For over 20 years, our team at Morgan & Co. has built digital journeys and delivered audiences to our clients’ websites. In our opinion, having the best possible website experience for your customer is non-negotiable. We see first-hand how a well built and managed website can make all the difference in terms of providing a quality user experience, engaging with your audience and running a profitable business.
With that in mind, we want to bring attention to a major change headed your way. By the end of this summer tens of thousands of websites are going to find themselves labeled as unsafe unless they migrate to HTTPS. In fact, when we relaunch morganandco.com later this year, we’ll be sharing content using HTTPS. While you don’t have to launch a new website to increase security, here is why we are making our site more secure and why yours should be, too.
The difference between HTTP and HTTPS, and why the “S” is necessary
HTTP stands for hypertext transfer protocol. It is the standard technology that allows communication between browsers like Safari, Firefox, Edge and Chrome, and web servers where websites are stored and operate. That one little “S” in HTTPS means Secure, and it makes a big difference. Have you ever noticed a little green padlock in the address bar of a web page? Most browsers use a format that looks something like this to show viewers a website is secure.
This means the web page has been made secure using encryption technology and certified as a secure environment. Without encryption, third parties have an easier time hacking into a site to take and use information being collected; like when you fill in a form, share personal information or provide your financial data. Historically, HTTPS connections were primarily used for payment transactions and handling sensitive information like social security numbers and financial data. Now they are used for safeguarding conversations and all forms of personal information being shared online.
Security certificates – What do they do?
The padlock image next to the word “Secure” contains additional information about a website’s security and certificate.
Security starts with checking your website’s ID. It’s kind of like showing your ID at the door to gain admittance to an event. Once a website is validated, it is on the way to getting an encrypted connection. Security certificates can be purchased by a variety of vendors. A more expensive certificate isn’t always better, but be sure to use a reliable source. Price also comes into play when you look at certification types. There are three fundamental levels that offer different levels background checks and features.
|Security Type||Good For||Verification Entails||Time to Authenticate|
|Domain Validation||Basic sites and individuals that do not have online sales.||Domain check and email verification.||Minutes|
|Organization Validation||Standard type of certificate for commercial or public facing websites. Minimum for ecommerce.||Domain requirements and full company name and address details.||2-3 business days|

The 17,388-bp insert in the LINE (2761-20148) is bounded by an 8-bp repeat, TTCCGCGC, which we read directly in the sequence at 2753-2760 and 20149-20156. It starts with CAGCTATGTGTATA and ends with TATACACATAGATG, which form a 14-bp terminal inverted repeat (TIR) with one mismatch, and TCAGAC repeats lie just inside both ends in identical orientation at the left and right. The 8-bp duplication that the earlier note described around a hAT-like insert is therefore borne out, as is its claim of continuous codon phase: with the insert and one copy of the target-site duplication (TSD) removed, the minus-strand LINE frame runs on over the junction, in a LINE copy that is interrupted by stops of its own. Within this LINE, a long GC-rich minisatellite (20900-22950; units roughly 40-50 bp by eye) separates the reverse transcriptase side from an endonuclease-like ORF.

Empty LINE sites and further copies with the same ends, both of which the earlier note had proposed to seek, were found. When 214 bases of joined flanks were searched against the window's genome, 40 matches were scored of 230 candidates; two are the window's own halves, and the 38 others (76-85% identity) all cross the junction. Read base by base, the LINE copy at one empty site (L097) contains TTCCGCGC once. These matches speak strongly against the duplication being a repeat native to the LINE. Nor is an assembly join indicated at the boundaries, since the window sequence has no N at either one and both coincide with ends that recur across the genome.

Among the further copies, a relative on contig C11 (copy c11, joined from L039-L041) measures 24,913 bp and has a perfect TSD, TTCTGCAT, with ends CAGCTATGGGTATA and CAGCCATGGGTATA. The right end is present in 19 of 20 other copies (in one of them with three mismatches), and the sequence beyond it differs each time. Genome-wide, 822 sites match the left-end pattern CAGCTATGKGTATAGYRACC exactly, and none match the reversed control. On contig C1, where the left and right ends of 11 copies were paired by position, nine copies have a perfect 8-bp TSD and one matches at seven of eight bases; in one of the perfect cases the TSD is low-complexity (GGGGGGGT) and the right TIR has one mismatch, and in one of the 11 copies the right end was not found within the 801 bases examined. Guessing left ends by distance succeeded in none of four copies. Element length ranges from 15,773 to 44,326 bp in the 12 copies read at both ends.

|Extended Validation||Standard for major online retailers and banks and corporations. Recommended for businesses that wish to immediately build customer trust in their site.||Organizational validations and a rigorous process includes legal, operational and physical verification.||4-10 business days|
How to complete the security process
Now that you have a certificate, there are a few more steps to take:
- Back up your site.
- Configure hosting with SSL Certificate. SSL means “Secure Sockets Layer,” a security technology that ensures all data transmitted between the web server and browser remains encrypted.
- Change all website links to HTTPS, don’t forget images, and download files and robot.txt files.
- Set up 301 redirects to prevent error messages. With a redirect, you can catch the pages you may have missed when updating all links to HTTPS and redirect them to a secured page.
- Update links found within marketing materials, print pieces and digital assets.
- Test and retest.
Not a clue what a robot file is? Don’t fret. The simplest explanation is best. Before a search engine like Google crawls your site, it will look at your robots.txt file as instructions on where they are allowed to crawl (visit) and index (save) on the search engine results, the page that shows you websites that match what you searched. Sometimes the simple solution is the best. Your hosting provider may have instructions or have the technical parts for you to be completely covered. Your content management system (CMS, IE: WordPress) may hold the key as well, in the form of plug-ins. If you aren’t the do-it-yourself type, web developers have been using this standard for years and can assist with deployment. No matter which path you choose, with information security, user experience and search rankings on the line, moving to HTTPS is simply the right move.
Best practices are changing – Why?
Websites that don’t collect sensitive information or don’t seem like hacker bait are not out of the woods when it comes to security. Would you believe that most website security breaches are not targeting private data? Attempts to use the power of servers to distribute email spam, serve files of an illegal nature or mine for data are more common motives. To make the web more secure, browsers are going to call out websites as “not secure” based on their protection shortcomings.
Beyond the visual impact, switching to a secure protocol may also improve your site’s search ranking. High rankings can mean more exposure for your website to the people you want to reach and potentially provide cost savings when you advertise to reach them. Not a bad reward for doing the right thing.
For more information about this important topic, or to explore how Morgan & Co. can support your business through an innovative, tailored advertising strategy, contact our team today.